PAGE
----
Nina Dastur is a Senior Fellow at the Georgetown Center on Poverty and Inequality. Previously, she served as the Director of Policy and Advocacy for Union Settlement Association in East Harlem, where her work focused on issues affecting low income people across the life span, including early childhood education, adult education and workforce development, and healthy aging, as well as on strategies to promote civic engagement in social services organizations. Before joining Union Settlement, she spent nine years at the Center for Community Change (CCC) as a Fellow and Senior Policy Analyst. As an Equal Justice Works Fellow at CCC, she created and staffed the Catalyst Project, which provided public education, civic engagement training, leadership development, and technical policy support to grassroots organizing groups to promote equitable development in the District of Columbia. More recently, as a member of the Center's policy staff she provided technical assistance to grassroots organizing groups on campaigns focused on the economy, job creation and job quality, and affordable housing. Prior to CCC, she helped to create and run a poverty policy clinic at Georgetown University Law Center, where she supervised second- and third-year law students engaged in local advocacy. She started her career as a legal services lawyer, first at Community Legal Services in Philadelphia, where she represented parents involved in the child welfare system and worked on policy issues relating to the intersection of welfare and child welfare, and subsequently at the Legal Aid Society of the District of Columbia, where she represented low income residents in housing, public benefits, and family law matters, and directed the organization's law reform work. She graduated with honors from Duke University and Harvard Law School.
Program Coordinator, Project on Deep Poverty
Kali Grant is the Program Coordinator for the Project on Deep Poverty. At the Georgetown Center, she has helped lead research, writing, and communication activities, including conceptualizing commissioned quantitative analyses and policy proposals; private and public convenings; and directly researching and developing policy proposals that address shortcomings of key public benefit programs, as well as ideas related to labor standards, creating job opportunities, and leveraging health reform and health systems change to ameliorate deep poverty. She has co-authored several articles and blog posts on aspects of poverty and inequality in America. Previously, Kali was an AmeriCorps VISTA at the Sargent Shriver National Center on Poverty Law in Chicago, IL, where she focused on economic justice and asset-building policies that support low-income families and individuals.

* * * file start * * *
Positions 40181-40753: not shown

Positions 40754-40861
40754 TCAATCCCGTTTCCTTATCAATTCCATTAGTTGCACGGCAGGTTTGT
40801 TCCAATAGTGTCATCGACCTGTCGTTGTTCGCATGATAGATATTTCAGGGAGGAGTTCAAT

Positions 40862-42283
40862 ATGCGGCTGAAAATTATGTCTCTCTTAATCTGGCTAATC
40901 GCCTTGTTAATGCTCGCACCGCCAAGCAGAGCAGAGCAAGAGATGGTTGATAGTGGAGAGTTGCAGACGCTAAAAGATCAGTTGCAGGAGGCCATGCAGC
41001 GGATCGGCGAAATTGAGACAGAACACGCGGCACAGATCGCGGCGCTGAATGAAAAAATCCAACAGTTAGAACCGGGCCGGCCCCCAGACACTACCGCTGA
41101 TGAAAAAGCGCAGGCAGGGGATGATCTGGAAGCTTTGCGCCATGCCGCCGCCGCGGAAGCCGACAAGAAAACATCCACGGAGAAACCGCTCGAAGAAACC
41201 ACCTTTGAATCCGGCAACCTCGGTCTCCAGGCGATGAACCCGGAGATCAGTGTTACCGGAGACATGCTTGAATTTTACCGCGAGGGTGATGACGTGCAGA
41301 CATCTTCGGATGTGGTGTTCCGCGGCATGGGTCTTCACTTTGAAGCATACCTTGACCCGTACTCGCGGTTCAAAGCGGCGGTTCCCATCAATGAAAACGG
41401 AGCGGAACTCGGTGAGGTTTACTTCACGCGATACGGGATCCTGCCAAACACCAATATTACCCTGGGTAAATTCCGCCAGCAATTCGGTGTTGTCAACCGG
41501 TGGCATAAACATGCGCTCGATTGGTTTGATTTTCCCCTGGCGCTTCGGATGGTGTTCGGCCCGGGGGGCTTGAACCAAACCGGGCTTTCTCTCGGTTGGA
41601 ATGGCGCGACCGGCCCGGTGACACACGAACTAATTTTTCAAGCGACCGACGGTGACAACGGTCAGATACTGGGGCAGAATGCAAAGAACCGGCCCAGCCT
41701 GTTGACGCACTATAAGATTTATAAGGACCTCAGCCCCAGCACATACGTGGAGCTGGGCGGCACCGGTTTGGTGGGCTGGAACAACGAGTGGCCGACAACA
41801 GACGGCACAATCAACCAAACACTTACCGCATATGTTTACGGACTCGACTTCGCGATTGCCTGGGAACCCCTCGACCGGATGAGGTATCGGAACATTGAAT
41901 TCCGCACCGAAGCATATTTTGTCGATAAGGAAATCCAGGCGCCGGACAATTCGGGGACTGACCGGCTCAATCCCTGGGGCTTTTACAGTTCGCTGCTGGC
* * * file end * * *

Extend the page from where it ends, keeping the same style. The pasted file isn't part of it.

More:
Kali graduated with Research Distinction from the John Glenn College of Public Affairs at The Ohio State University. At Ohio State, Kali was the founder and Editor-in-Chief of the Ohio State chapter of Her Campus, a national online newsmagazine for college women. She also served as a research assistant at the John Glenn College of Public Affairs, where she identified food innovation trends among private U.K. retailers with a long-term focus on policy implications for corporate social responsibility, childhood obesity, and consumer behavior and choice. As an intern for the Institute on Women, Kali provided research on the socioeconomic status of women and girls in Ohio, and helped produce an evaluative report on the E3 program, an intensive financial literacy and career skills educational program for low- to moderate-income women in central Ohio with multiple barriers to employment and self-sufficiency.
Program Assistant, Project on Deep Poverty
Casey Goldvale is the Program Assistant for the Georgetown Center on Poverty and Inequality’s Project on Deep Poverty. In her role at the center, she specializes in data analysis and visualization in collaboration with the center's partners, while contributing to policy briefs, communications, and project coordination.